(Andy Warhol, 1965, 33 minutes, B/W)
Allow me to be smarmy for a moment. No one would give two licks about this film if it weren’t for the cult of Warhol. Yes, one can enjoy the film for its minimal use of camera. The opening images flash by until the camera settles on a close-up of an ashtray, a few classes, a bottle, and random hands descending and ascending into the frame. The voices are barely audible, a dissonant white noise. Occasionally a shrill scream makes itself heard over the din. The film’s star, Edie Sedgwick takes a prominent seat to the right side of the frame, but her face is far out of frame. As time goes on the camera slowly zooms out to revel a cluster of Warhol “stars” such as Ondine and Edie sitting at a table table. They gab, the order, they drink, and they smoke. Every 100th word is heard, but nothing makes much sense. Later, the camera shifts about the room attempting to pry in on the conversation of other diners. Finally, the camera returns to Edie and then the film runs out.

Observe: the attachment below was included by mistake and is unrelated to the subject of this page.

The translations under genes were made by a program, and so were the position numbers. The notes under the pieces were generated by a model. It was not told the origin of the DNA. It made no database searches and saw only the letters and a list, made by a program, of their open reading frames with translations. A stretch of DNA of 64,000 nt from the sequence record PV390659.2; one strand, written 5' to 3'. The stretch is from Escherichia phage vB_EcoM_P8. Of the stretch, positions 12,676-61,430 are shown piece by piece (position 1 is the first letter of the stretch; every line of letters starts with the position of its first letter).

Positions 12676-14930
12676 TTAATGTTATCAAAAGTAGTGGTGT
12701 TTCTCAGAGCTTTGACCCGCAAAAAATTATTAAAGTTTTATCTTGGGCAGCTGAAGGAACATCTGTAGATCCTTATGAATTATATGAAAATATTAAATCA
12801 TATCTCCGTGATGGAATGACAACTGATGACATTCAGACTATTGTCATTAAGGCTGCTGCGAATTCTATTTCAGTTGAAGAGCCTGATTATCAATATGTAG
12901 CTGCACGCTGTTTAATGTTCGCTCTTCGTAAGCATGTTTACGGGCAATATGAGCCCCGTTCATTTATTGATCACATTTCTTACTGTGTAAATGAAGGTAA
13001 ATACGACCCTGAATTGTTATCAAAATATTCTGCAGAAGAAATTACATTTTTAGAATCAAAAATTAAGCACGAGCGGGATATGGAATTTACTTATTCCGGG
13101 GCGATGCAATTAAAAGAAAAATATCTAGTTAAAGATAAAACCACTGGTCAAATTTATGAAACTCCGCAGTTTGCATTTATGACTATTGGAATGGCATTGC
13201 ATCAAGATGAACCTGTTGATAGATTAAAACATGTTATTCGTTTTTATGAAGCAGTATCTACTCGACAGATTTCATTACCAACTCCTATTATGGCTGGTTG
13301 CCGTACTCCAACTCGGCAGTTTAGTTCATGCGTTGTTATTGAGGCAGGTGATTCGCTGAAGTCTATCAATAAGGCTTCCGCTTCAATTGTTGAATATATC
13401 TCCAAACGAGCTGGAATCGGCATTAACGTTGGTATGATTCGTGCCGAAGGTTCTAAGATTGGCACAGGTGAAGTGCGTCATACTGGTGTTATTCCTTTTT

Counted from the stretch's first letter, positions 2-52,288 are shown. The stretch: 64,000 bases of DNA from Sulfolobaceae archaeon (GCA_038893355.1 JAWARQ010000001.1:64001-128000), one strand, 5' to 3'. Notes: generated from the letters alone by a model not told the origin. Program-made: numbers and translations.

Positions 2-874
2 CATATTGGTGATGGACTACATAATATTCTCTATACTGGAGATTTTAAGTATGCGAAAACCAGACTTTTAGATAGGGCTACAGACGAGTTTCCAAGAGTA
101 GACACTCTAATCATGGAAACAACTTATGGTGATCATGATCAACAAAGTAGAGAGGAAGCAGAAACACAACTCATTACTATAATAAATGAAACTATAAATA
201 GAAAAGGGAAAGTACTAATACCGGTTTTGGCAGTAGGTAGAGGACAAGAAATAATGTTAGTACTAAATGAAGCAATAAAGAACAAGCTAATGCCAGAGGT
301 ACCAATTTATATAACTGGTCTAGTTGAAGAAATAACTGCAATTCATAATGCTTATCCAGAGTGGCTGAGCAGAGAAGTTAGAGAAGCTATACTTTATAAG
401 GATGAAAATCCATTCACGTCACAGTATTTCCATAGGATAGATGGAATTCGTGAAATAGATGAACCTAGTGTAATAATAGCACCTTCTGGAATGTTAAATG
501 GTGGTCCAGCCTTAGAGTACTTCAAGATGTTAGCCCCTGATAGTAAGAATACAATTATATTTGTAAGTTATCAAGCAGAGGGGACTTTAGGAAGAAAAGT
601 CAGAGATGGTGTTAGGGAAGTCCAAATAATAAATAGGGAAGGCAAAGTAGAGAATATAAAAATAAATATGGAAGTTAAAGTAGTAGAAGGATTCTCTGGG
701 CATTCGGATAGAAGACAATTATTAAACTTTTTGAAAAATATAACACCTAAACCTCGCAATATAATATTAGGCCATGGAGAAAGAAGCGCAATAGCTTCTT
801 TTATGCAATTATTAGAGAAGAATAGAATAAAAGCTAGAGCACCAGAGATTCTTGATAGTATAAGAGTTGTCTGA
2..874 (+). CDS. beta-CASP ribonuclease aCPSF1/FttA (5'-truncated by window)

As an exercise in gesture or banal camera work this may hold the slightest interest. Many images appear like that from a liquor ad or an absurd play, with a gaggle of partygoers crammed around one table. However, if the film were only that and nothing more it would not have withstood the test of time. Since it was made by Andy Warhol the film continues to exist and it continues to torture film students and for once I actually felt rather sorry for the kids in the lecture hall. I only have to wonder what a faculty member would say if one of these students turned in a similar project. A or F, what would the student get?